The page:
Pending Home Sales Down 10.6% in February
This morning the National Association of Realtors released the February data for their Pending Home Sales Index. Here is an excerpt from the latest press release:
The Pending Home Sales Index (PHSI),* www.nar.realtor/pending-home-sales, a forward-looking indicator of home sales based on contract signings, dropped 10.6% to 110.3 in February. Year-over-year, contract signings fell 0.5%. An index of 100 is equal to the level of contract activity in 2001.
"The demand for a home purchase is widespread, multiple offers are prevalent, and days-on-market are swift but contracts are not clicking due to record-low inventory," said Lawrence Yun, NAR's chief economist." (more here)
The chart below gives us a snapshot of the index since 2001. The MoM came in at -10.6%, down from a 2.4% decrease last month. Investing.com had forecast a decrease of 2.6%.
Over this time frame, the US population has grown by 16.6%. For a better look at the underlying trend, here is an overlay with the nominal index and the population-adjusted variant. The focus is pending home sales growth since 2001.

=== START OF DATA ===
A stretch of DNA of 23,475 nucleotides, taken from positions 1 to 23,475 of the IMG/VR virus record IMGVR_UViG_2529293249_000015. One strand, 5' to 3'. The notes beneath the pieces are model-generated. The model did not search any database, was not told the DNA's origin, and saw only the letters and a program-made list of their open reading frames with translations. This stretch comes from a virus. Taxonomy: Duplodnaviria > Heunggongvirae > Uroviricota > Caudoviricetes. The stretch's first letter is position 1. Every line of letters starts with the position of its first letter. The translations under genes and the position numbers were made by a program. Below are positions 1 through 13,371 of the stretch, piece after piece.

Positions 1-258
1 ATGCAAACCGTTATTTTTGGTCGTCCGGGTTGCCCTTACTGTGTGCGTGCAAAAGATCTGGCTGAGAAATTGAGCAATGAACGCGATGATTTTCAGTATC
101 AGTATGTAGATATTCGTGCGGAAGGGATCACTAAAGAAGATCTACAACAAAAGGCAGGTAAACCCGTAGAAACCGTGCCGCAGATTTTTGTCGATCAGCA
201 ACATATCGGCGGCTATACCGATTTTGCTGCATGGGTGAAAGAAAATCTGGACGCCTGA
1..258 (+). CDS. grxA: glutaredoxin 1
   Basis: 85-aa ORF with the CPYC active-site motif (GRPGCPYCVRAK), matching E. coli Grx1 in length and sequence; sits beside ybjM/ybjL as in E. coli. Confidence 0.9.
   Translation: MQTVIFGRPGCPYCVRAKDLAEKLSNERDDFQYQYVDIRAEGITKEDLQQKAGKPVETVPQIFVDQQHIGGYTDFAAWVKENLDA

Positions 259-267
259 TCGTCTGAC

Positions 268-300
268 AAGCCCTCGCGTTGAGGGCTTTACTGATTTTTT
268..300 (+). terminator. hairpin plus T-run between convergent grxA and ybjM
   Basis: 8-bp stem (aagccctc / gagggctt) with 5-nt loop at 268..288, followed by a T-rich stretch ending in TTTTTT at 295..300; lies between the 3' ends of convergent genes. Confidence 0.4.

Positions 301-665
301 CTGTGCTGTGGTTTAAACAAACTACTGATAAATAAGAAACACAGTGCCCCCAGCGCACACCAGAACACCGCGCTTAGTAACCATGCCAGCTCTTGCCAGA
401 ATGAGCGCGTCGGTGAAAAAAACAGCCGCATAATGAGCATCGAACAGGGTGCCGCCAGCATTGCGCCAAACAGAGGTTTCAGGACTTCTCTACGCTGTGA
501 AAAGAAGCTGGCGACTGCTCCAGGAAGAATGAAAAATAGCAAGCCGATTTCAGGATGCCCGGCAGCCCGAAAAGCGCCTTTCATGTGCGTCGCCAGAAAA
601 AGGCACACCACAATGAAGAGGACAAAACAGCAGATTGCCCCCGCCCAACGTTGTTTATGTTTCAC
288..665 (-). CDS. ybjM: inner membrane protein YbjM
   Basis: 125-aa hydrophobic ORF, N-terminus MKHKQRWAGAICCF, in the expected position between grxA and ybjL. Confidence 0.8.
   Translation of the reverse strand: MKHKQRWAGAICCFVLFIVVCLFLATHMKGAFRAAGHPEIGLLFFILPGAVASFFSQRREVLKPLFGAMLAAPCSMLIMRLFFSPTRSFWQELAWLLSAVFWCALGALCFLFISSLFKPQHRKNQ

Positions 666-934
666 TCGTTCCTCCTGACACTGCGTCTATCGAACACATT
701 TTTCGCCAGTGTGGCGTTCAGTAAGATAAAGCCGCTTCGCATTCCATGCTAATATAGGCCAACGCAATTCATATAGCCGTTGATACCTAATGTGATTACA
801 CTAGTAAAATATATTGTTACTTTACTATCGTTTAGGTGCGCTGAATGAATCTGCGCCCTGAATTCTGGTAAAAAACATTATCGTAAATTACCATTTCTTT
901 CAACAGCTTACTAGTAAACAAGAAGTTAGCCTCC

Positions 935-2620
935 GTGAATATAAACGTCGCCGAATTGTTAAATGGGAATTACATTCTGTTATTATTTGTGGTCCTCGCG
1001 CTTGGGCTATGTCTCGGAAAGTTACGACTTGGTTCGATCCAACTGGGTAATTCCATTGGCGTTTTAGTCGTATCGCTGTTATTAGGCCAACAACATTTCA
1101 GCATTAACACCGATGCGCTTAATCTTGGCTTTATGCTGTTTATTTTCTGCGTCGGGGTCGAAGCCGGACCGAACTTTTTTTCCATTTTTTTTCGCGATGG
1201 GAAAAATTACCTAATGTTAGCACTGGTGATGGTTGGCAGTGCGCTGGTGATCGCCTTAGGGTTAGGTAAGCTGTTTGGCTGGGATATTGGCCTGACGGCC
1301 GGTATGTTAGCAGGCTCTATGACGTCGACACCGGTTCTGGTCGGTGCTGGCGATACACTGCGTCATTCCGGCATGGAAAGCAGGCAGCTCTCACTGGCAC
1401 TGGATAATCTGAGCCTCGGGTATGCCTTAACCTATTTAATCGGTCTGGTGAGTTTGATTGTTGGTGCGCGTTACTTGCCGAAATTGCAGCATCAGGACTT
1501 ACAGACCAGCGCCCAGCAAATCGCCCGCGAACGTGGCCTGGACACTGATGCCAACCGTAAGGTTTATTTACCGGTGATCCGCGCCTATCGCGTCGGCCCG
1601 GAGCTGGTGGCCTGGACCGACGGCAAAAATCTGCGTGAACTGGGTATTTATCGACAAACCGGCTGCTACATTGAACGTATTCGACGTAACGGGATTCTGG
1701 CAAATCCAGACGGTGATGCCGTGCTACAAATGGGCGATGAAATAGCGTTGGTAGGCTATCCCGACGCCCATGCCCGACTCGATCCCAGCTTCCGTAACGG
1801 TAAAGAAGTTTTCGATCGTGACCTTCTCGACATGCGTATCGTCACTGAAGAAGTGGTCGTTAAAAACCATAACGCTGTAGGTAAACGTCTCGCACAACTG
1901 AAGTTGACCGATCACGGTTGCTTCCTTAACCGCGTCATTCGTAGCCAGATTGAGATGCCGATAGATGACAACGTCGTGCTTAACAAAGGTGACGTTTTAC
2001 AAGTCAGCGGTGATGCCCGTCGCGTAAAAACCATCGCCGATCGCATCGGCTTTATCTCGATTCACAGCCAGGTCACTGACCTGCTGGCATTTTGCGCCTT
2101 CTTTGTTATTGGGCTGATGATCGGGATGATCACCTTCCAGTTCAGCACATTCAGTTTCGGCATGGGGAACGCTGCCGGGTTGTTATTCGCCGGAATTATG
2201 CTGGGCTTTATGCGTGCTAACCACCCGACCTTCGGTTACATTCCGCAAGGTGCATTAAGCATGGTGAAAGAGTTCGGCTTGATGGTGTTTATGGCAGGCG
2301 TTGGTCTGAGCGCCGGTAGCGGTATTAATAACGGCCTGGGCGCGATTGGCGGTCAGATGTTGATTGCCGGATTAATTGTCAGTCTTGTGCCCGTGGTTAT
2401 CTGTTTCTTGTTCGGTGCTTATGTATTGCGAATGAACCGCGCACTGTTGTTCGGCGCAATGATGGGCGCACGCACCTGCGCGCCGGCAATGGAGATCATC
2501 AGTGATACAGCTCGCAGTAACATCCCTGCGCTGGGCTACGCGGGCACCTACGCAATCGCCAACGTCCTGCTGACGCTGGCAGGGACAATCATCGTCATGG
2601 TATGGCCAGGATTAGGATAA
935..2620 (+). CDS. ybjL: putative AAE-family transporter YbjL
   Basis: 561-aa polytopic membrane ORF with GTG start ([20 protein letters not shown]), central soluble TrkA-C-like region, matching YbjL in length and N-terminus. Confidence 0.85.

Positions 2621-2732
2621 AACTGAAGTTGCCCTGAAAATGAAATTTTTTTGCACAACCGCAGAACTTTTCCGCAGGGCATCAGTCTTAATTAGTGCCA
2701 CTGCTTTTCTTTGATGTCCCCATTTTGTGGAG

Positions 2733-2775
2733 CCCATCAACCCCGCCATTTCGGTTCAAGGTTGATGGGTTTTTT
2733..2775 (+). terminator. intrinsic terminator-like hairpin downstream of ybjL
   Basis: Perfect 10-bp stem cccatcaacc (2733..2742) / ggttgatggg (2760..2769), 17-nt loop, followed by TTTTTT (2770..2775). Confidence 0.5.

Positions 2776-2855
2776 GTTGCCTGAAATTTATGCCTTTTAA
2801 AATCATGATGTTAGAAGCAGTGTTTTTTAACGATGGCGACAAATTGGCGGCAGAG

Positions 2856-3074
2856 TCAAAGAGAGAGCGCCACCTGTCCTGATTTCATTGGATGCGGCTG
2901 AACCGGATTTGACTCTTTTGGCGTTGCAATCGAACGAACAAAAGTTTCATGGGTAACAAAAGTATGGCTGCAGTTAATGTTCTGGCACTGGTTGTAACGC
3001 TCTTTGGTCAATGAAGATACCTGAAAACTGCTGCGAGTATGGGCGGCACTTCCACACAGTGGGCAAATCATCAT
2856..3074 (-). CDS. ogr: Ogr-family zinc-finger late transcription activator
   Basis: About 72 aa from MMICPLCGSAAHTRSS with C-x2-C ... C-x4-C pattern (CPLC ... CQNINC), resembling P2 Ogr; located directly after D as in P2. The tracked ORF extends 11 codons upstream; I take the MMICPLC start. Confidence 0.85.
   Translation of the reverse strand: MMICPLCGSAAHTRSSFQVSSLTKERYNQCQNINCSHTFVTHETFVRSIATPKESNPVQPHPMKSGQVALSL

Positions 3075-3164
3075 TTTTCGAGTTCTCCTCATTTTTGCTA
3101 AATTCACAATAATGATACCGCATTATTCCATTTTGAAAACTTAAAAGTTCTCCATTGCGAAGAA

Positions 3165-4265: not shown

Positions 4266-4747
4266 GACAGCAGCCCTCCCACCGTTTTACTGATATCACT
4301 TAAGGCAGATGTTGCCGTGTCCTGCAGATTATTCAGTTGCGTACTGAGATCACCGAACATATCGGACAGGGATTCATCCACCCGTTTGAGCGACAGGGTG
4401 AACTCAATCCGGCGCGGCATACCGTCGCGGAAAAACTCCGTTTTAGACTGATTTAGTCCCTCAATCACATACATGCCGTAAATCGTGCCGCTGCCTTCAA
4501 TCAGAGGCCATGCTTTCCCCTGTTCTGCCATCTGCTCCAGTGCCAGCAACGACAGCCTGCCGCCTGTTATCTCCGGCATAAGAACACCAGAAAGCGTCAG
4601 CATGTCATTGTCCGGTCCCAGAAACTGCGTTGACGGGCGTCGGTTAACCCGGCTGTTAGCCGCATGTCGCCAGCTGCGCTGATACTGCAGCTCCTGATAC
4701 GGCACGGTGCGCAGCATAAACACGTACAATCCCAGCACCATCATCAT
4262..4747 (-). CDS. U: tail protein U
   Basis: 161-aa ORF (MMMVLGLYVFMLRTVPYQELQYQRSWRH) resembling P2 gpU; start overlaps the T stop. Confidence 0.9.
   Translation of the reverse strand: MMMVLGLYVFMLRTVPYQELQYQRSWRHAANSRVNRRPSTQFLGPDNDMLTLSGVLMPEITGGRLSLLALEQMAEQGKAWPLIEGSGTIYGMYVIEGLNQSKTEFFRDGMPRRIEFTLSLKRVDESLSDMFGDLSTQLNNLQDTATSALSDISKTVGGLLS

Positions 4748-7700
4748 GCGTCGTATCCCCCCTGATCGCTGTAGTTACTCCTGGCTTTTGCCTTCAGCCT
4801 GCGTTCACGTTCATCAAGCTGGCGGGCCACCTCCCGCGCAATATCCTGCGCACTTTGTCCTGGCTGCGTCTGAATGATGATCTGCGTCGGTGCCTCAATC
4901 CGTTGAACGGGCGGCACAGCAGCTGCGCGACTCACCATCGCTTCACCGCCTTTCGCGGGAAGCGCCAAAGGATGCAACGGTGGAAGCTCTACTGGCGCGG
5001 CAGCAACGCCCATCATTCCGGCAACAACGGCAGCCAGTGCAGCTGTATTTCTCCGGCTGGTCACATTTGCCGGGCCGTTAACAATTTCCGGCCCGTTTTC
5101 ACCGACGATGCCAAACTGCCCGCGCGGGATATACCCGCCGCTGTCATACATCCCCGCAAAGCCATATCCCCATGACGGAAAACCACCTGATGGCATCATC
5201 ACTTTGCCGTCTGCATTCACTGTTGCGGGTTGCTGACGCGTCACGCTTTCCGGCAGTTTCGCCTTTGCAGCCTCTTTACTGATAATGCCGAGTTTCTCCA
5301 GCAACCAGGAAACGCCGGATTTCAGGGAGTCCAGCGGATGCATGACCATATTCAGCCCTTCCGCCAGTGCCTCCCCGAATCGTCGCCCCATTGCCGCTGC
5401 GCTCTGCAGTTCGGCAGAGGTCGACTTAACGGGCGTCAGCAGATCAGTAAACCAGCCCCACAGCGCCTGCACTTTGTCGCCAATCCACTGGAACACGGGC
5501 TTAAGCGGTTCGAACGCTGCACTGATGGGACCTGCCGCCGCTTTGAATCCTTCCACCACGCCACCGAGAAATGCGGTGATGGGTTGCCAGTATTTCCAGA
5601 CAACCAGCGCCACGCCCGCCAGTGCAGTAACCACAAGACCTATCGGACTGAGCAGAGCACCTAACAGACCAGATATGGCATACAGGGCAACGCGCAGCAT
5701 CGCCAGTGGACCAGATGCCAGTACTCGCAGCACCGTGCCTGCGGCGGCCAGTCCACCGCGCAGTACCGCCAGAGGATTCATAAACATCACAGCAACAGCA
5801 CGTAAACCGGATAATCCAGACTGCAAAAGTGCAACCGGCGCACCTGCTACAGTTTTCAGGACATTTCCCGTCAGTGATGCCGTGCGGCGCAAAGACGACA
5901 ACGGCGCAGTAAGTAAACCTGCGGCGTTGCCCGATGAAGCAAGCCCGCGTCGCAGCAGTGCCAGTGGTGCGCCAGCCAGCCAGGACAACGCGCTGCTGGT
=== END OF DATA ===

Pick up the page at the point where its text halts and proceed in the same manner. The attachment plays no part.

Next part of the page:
The index for the most recent month is currently 15% below its all-time high. The population-adjusted index is 22% off its high.
Pending versus Existing Home Sales
The NAR explains that "because a home goes under contract a month or two before it is sold, the Pending Home Sales Index generally leads Existing Home Sales by a month or two." Here is a growth overlay of the two series. The general correlation, as expected, is close. And a close look at the numbers supports the NAR's assessment that their pending sales series is a leading index.